Marie Louise Bottineau Baldwin
Marie Louise Bottineau Baldwin was born in 1863 on Ojibwe land in present-day North Dakota. She attended public schools in Minnesota and eventually graduated from Washington College of law. Baldwin used her status as a lawyer to advocate for Native issues. From 1904 to 1932 she worked for the U.S. federal government’s Office of Indian Affairs overseeing government contracts to reservations. She joined the Society of American Indians after it was formed in 1911. When the 19th Amendment was ratified in 1920, Native women like Baldwin were not automatically granted the right to vote as they were not considered U.S. citizens.
Mrs. Marie L. Baldwin ,1914
Mrs. Marie L. Baldwin, 1914
GRETCHEN SMITH, “INDIAN COLLECTION WORK OF 30 YEARS: Mrs. Baldwin, Chippewa,” The Evening Star, April 15, 1929
Gertrude Simmons Bonnin/ Zitkála-Šá
Zitkála-Šá (pronounced Zeet-KA-la-sha) was born on the Yankton Indian Reservation in South Dakota in 1876. A Yankton Dakota Sioux, Zitkála-Šá like many thousands of Native children at the time was also forced to attend a boarding school far away from her home. At eight years old, Zitkála-Šá left Yankton and her family to attend the Indiana Manual Labor Institute in Wabash, Indiana over 700 miles away.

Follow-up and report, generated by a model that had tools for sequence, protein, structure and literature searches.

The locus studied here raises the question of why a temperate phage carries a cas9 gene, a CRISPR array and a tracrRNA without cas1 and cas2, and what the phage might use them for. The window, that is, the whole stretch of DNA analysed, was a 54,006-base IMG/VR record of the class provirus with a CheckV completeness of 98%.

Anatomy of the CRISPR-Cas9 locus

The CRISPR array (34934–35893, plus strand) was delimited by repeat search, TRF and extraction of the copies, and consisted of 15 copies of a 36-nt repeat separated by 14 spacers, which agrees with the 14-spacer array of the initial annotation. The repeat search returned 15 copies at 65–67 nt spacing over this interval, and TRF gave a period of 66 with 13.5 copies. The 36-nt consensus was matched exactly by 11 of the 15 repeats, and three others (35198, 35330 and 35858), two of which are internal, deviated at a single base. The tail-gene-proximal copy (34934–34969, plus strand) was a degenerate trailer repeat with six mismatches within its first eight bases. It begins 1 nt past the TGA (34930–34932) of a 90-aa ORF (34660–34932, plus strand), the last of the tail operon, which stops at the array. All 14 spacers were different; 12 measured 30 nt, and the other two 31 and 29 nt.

In her life, Zitkála-Šá rose to prominence as a musician, writer, and political advocate. An accomplished violinist, she performed at the White House for President William McKinley in 1900 and as a soloist at the Paris Exposition that same year. A prolific writer, Zitkála-Šá’s presented depictions of American Indians that emphasized family and community in books such as American Indian Stories and presented her own experiences in personal essays for Harper’s Monthly and The Atlantic Monthly. When the 19th Amendment was ratified in 1920, Native women like Zitkála-Šá were not automatically granted the right to vote as they were not considered U.S. citizens.